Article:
Our View: Ups and Downs - Kay Hagan; Guilford school officials; Barbara Boxer
THUMBS UP to U.S. Sen. Kay Hagan for her urging swift action by President Obama to approve construction of the Keystone XL Pipeline, which the president blocked last year at the urging of environmental groups. The proposed pipeline would transport oil from Canadian tar sands oil fields to Texas refineries creating thousands of jobs and having billions in economic impact.
Hagan, a Democrat from Greensboro, was among a bipartisan group of senators who sent a letter to the president urging him to remove his opposition and to allow the pipeline’s construction. Hagan and the other senators noted that Nebraska’s governor and other officials there now support the pipeline’s revised route through their state, which means officials in all six states through which Keystone would pass now support its construction.
THUMBS DOWN to environmental groups and some members of Congress, such as Sen. Barbara Boxer, D-Calif., who oppose construction of the Keystone XL Pipeline. They are calling it a “dirty pipeline” that would carry “dirty oil” and contribute to global warming. Boxer says if President Obama were to approve the pipeline, it would undo much of the good he has done for the climate.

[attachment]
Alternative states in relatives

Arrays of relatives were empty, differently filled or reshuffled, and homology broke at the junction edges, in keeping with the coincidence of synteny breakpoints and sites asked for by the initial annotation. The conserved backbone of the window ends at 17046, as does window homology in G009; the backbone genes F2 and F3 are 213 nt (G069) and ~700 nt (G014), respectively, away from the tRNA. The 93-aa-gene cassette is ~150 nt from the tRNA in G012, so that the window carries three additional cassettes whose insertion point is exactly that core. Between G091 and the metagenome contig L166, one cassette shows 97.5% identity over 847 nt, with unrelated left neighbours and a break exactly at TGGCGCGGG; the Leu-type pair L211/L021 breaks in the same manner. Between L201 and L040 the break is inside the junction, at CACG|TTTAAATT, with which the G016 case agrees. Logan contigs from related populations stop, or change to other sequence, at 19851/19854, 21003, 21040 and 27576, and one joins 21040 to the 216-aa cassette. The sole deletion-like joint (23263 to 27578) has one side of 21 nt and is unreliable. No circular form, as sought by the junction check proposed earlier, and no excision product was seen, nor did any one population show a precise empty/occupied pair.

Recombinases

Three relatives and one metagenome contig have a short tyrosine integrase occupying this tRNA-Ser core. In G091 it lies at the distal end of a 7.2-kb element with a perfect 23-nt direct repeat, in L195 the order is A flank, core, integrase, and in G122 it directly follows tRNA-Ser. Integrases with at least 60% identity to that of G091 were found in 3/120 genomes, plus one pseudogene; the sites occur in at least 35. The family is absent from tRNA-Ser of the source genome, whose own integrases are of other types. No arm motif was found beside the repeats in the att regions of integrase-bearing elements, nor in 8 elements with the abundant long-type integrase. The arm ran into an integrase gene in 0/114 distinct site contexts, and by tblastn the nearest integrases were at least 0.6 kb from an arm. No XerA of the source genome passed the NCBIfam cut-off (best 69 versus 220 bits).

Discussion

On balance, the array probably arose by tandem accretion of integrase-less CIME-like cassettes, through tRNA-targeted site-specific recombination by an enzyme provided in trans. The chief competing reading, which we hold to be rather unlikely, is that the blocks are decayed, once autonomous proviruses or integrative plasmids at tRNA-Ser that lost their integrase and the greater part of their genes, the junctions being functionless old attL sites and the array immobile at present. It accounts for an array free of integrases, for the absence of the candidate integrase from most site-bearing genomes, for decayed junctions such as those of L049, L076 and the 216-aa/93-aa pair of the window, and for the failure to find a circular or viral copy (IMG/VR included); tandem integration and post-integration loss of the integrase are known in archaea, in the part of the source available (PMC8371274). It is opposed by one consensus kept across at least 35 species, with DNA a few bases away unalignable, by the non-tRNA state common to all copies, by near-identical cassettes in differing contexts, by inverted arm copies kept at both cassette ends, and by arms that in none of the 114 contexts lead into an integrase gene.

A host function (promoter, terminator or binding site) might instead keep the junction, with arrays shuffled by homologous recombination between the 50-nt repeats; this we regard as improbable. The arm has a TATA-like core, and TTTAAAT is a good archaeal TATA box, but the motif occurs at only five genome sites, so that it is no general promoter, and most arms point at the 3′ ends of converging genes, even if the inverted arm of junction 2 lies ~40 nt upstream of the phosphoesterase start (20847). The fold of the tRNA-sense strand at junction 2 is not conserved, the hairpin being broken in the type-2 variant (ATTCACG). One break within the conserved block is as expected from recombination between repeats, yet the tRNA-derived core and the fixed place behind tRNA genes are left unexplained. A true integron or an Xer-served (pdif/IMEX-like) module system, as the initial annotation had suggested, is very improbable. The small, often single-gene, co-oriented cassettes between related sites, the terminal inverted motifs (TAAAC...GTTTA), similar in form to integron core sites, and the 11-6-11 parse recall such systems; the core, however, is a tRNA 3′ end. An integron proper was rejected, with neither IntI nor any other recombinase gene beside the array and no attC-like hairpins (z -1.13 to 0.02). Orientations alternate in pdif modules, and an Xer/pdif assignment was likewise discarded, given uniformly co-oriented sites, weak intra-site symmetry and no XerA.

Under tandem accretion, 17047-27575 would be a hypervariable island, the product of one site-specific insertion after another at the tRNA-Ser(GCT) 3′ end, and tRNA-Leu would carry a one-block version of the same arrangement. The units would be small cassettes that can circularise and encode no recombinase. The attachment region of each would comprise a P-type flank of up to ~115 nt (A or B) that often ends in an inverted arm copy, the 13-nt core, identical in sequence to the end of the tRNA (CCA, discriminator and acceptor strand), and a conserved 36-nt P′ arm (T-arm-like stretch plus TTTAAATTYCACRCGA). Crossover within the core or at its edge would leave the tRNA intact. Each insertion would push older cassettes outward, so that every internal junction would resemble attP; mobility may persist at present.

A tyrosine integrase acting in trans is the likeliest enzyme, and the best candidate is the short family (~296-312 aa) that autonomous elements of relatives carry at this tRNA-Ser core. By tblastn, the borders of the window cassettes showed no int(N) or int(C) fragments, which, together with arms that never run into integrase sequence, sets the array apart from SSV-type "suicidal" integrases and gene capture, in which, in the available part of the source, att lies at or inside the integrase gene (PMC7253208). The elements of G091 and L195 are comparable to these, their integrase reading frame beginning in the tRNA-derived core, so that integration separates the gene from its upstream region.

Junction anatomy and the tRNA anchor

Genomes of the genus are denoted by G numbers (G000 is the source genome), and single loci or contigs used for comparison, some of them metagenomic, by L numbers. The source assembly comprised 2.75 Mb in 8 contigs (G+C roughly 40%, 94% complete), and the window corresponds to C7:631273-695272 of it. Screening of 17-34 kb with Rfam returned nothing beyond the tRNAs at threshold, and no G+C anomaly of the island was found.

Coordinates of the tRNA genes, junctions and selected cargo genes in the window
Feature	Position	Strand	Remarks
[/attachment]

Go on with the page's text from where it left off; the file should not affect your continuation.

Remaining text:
THUMBS UP to Manilla Dean, who was recognized this week by the High Point Human Relations Commission as the city’s 2013 Humanitarian of the Year. Dean, a retired cafeteria manager, was honored by the HRC for her longtime service at West End Ministries — where she and her husband, Charles, helped start the ministry’s food pantry — and for her service to youth groups at English Road Baptist Church. Dean is well-deserving of the HRC’s award. And we think that Charles Dean is deserving of a THUMBS UP, also.
THUMBS UP to Guilford County Schools because of the good news this week that its dropout rate has fallen to the lowest rate among the state’s largest school districts. According to Guilford officials, 495 students left school during the 2011-2012 school year. That calculates to a 2.15 percent dropout rate, down from the 2010-2011 school year when 625, or 2.71 percent, of students left school. The state’s dropout rate for 2011-2012 was 3.01 percent.
Additionally, school officials report, Guilford’s four-year graduation rate for 2011-2012 rose to 84.5 percent. That is the highest four-year graduation rate in the school district’s history, officials said.